Finding specific fits for the program and how they integrate into the Oklahoma culture. The coaching staff now uses a system that grades each recruit from 1 to 10, looking for attributes such as substance and figuring out if players see “the big picture” for the program. The grades will then go on the recruiting board to see if the player fits the team’s need. Eliminations are made based on this information.

The staff now monitors recruits’ social media accounts and they could be eliminated based on what they post, top player or not. Coale also focuses on what players want to do while they are in school and after they graduate. Between home visits and official trips to campus, each recruit will meet every person on Oklahoma’s staff, from the sports information director, to the strength coach, all the way down to the equipment managers.

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Before Oklahoma’s new philosophy was put into place, the recruiting mindset was tested in early in 2014 after the staff identified a raw, but gifted 6' 9" talent from Cypress Woods High, outside of Houston.

Nancy Mulkey, who was profiled on TLC's "My Giant LIfe" a show about extremely tall women, didn’t want to go to Oklahoma initially. "I told the Oklahoma staff no. I wasn’t interested,” Mulkey says of her recruiting process. “We just didn't have that relationship. I didn't know a lot about Oklahoma. I barely talked to them.”

Mulkey had been on Oklahoma’s radar, but the word “no” didn’t stop the coaches from an all-out pursuit of the top 20 recruit.

Despite the initial rejection, Coale placed a call to Mulkey’s mother, Dolores. After a brief conversation, Coale invited Mulkey to visit the Norman campus. “I had a feeling that once they came here and she felt the connection of our players that she would know this is not only a safe place but this is a place where she can grow,” Coale said.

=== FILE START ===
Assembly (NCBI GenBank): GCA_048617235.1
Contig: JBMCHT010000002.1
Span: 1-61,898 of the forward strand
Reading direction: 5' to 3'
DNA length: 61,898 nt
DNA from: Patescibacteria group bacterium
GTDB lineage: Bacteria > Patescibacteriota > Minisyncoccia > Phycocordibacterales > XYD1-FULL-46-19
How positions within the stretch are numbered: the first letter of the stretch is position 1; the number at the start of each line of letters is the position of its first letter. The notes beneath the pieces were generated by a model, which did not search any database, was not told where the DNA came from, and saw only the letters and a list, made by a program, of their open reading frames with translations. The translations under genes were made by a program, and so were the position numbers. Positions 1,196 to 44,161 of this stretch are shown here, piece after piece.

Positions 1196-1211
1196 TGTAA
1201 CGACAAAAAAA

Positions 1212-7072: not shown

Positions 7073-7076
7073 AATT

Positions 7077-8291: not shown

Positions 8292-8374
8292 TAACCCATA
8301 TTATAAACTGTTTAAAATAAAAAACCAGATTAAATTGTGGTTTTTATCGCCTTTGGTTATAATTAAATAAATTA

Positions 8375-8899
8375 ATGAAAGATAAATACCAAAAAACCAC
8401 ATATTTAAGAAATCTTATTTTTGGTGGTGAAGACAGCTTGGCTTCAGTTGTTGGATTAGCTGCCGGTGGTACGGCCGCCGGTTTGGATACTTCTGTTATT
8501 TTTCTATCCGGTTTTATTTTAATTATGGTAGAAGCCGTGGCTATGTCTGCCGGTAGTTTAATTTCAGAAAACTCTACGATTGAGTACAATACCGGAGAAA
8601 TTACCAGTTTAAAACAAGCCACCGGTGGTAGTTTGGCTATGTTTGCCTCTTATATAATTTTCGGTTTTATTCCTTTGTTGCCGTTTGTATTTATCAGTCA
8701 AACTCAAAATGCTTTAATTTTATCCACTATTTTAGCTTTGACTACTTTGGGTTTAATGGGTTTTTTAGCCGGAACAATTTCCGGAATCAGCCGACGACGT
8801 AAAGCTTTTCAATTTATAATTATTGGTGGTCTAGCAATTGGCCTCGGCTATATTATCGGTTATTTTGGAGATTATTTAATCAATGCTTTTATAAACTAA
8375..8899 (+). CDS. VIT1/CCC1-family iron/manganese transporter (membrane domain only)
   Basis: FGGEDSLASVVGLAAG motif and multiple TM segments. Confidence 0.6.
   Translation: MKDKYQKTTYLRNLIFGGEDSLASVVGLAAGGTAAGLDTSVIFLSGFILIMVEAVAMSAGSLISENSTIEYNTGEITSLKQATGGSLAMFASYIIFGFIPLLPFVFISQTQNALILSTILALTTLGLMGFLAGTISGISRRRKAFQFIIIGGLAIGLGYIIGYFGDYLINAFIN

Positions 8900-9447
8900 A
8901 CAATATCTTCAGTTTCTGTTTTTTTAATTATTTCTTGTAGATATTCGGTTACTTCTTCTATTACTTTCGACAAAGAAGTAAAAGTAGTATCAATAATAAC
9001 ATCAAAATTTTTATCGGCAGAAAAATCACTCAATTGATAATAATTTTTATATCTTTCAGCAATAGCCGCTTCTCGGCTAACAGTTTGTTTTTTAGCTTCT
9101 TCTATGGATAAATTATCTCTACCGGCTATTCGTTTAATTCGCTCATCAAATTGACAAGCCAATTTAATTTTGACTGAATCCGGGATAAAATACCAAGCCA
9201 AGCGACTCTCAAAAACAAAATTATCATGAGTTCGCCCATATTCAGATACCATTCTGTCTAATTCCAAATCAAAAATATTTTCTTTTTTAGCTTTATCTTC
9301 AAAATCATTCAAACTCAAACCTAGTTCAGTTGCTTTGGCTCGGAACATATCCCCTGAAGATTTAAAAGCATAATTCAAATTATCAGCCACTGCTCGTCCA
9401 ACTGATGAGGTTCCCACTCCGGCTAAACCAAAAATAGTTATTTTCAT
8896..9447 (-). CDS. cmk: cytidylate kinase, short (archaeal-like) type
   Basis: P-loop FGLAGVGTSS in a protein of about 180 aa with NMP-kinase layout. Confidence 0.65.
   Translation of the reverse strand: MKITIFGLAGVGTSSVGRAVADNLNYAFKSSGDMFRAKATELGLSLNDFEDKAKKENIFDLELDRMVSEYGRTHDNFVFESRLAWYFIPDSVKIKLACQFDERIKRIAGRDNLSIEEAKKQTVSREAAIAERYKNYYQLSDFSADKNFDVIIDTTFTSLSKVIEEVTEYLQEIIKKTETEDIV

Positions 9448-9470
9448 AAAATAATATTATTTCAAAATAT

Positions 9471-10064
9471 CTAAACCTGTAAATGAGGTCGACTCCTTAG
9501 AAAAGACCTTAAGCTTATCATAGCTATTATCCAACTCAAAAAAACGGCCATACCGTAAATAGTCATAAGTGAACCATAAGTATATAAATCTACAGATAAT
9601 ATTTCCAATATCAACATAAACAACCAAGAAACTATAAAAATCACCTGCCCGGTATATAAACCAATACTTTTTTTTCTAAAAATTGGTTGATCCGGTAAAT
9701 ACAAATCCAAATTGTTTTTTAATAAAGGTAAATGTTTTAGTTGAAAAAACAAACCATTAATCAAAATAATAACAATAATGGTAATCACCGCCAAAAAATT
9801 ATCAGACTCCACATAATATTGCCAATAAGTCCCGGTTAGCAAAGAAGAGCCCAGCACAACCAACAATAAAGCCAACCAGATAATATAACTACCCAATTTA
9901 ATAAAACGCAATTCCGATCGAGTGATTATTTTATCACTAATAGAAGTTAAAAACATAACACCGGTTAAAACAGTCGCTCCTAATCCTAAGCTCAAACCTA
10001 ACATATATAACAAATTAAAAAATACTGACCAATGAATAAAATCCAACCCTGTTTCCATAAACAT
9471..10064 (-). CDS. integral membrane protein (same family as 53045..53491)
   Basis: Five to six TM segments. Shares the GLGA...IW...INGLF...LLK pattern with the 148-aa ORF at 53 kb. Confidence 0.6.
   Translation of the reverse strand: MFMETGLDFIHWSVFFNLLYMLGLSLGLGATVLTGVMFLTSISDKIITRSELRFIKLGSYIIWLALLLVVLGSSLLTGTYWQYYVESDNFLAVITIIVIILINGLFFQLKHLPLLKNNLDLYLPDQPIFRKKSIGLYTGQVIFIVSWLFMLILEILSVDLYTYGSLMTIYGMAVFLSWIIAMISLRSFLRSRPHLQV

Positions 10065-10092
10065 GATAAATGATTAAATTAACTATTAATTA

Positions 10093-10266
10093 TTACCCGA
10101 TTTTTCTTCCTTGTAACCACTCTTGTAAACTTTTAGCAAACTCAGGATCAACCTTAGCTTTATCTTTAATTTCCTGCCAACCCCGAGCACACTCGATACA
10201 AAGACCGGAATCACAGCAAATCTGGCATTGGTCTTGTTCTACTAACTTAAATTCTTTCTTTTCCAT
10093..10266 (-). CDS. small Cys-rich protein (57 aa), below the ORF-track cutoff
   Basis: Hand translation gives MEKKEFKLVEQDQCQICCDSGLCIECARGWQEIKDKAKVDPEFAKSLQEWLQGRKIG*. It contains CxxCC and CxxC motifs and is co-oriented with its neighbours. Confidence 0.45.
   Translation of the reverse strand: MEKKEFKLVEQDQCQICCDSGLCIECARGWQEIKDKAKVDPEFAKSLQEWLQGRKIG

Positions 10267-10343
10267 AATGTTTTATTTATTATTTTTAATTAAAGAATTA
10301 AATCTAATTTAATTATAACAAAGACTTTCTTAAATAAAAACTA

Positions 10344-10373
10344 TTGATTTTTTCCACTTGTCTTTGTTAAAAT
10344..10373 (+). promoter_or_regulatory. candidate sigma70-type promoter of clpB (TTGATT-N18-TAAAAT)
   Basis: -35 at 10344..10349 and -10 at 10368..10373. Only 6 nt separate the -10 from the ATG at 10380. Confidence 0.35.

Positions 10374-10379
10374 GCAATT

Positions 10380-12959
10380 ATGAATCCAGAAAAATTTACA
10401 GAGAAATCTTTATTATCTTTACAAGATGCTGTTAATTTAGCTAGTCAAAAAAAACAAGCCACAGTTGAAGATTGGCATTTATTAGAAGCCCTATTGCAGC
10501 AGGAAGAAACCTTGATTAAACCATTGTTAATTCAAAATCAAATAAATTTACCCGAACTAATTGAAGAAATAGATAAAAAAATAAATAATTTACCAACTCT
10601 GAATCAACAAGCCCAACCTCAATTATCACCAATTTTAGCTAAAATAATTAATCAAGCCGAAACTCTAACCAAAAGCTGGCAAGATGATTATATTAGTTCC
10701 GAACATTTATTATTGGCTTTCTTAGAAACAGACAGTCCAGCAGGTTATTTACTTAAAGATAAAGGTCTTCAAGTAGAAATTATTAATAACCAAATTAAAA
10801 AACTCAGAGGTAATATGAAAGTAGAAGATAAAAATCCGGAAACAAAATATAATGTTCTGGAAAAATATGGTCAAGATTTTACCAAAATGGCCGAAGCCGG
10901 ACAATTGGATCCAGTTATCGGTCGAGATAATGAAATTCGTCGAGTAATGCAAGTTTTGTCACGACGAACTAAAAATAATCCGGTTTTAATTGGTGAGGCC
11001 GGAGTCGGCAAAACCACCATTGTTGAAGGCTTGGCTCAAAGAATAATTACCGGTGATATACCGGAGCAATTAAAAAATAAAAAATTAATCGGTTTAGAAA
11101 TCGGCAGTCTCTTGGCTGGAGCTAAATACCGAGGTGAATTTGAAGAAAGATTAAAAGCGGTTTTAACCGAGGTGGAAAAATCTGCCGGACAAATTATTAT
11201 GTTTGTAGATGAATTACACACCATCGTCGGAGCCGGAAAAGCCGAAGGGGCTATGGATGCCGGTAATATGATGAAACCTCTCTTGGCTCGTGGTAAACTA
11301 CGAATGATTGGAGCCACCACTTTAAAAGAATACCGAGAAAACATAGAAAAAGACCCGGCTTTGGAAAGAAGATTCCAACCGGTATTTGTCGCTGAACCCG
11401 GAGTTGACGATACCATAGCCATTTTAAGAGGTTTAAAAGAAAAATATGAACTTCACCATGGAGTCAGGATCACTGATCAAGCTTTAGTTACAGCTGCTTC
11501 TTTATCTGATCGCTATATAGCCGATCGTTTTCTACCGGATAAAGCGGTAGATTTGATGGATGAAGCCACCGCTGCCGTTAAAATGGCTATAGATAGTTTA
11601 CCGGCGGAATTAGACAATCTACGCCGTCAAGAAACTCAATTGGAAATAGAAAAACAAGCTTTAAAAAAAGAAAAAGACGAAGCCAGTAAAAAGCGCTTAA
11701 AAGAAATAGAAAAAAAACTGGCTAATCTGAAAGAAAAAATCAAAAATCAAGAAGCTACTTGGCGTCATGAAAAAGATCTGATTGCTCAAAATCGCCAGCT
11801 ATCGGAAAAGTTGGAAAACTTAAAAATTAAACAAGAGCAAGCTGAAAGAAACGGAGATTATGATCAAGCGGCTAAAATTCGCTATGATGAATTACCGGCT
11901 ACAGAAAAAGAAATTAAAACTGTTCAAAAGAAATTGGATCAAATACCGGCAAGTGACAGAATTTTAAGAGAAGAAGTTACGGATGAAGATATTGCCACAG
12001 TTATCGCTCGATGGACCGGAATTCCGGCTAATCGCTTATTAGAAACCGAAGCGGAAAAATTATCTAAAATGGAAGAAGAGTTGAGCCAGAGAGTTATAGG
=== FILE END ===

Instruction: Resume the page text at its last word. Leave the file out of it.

After one weekend visit, Mulkey made up her mind. She was going to become a Sooner. The environment, the connection with the coaches and her desire to leave the confines of home were enough to change her mind.

“This is it,” Mulkey told her mother. “Tell everyone else I am not coming.”

Freshman Chelsea Dungee has a similar story.  The 5’11” guard from Sapulpa High originally committed to Oklahoma State back in the eighth grade and re-opened her commitment after the tragic plane crash death of OSU head coach Kurt Budke and assistant basketball coach and recruiting coordinator Miranda Sernain November 2011.

Coale went to Texas to scout one of Dungee’s AAU games and again, after just one conversation, Dungee was sold on Oklahoma’s future.

“There’s just something about her and the coaching staff and something about the players that I knew I would grow,” Dungee says. “I need to be pushed to help my game, and Coach Coale sold me not only on basketball, but being vulnerable and being allowed to grow.”

Mulkey, who finished fifth in the Big 12 with 62 blocked shots and Dungee, who averaged 7.4 points in 18 starts are expected to be part of the Sooners future success. Oklahoma will bring in another Top 40 recruit in Ana Llanusa, a 6-foot guard from nearby Choctaw, Okla<., next season.

The other 2017 signees are Mandy Simpson, a 6’1” small forward from Boise, Idaho, and point guard Shaina Pellington from Pickering, Ontario and the program has verbal commitments for the 2018 class from point guard Tatum Veithenheimer, a top 25 recruit from Windthorst, Texas, and guard Jessi Murcer from nearby Westmoore.

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This is a remarkable improvement in recruiting, considering Oklahoma didn’t have a single top 50 national recruit in the 2015 class.

That youth movement is needed as Oklahoma is expected to lose six seniors from this season’s squad.

“I would say the change has worked so far," Coale admits. “I have to do more than sell them on Oklahoma and the basketball program. The change had to come in the way we view how these ladies can become successful people.”

AP Photo/Elaine Thompson


In 1996, at age 31 and eight months pregnant with her second child, Coalewas hired away from Norman High to take over a Sooners program that was in dire need of direction.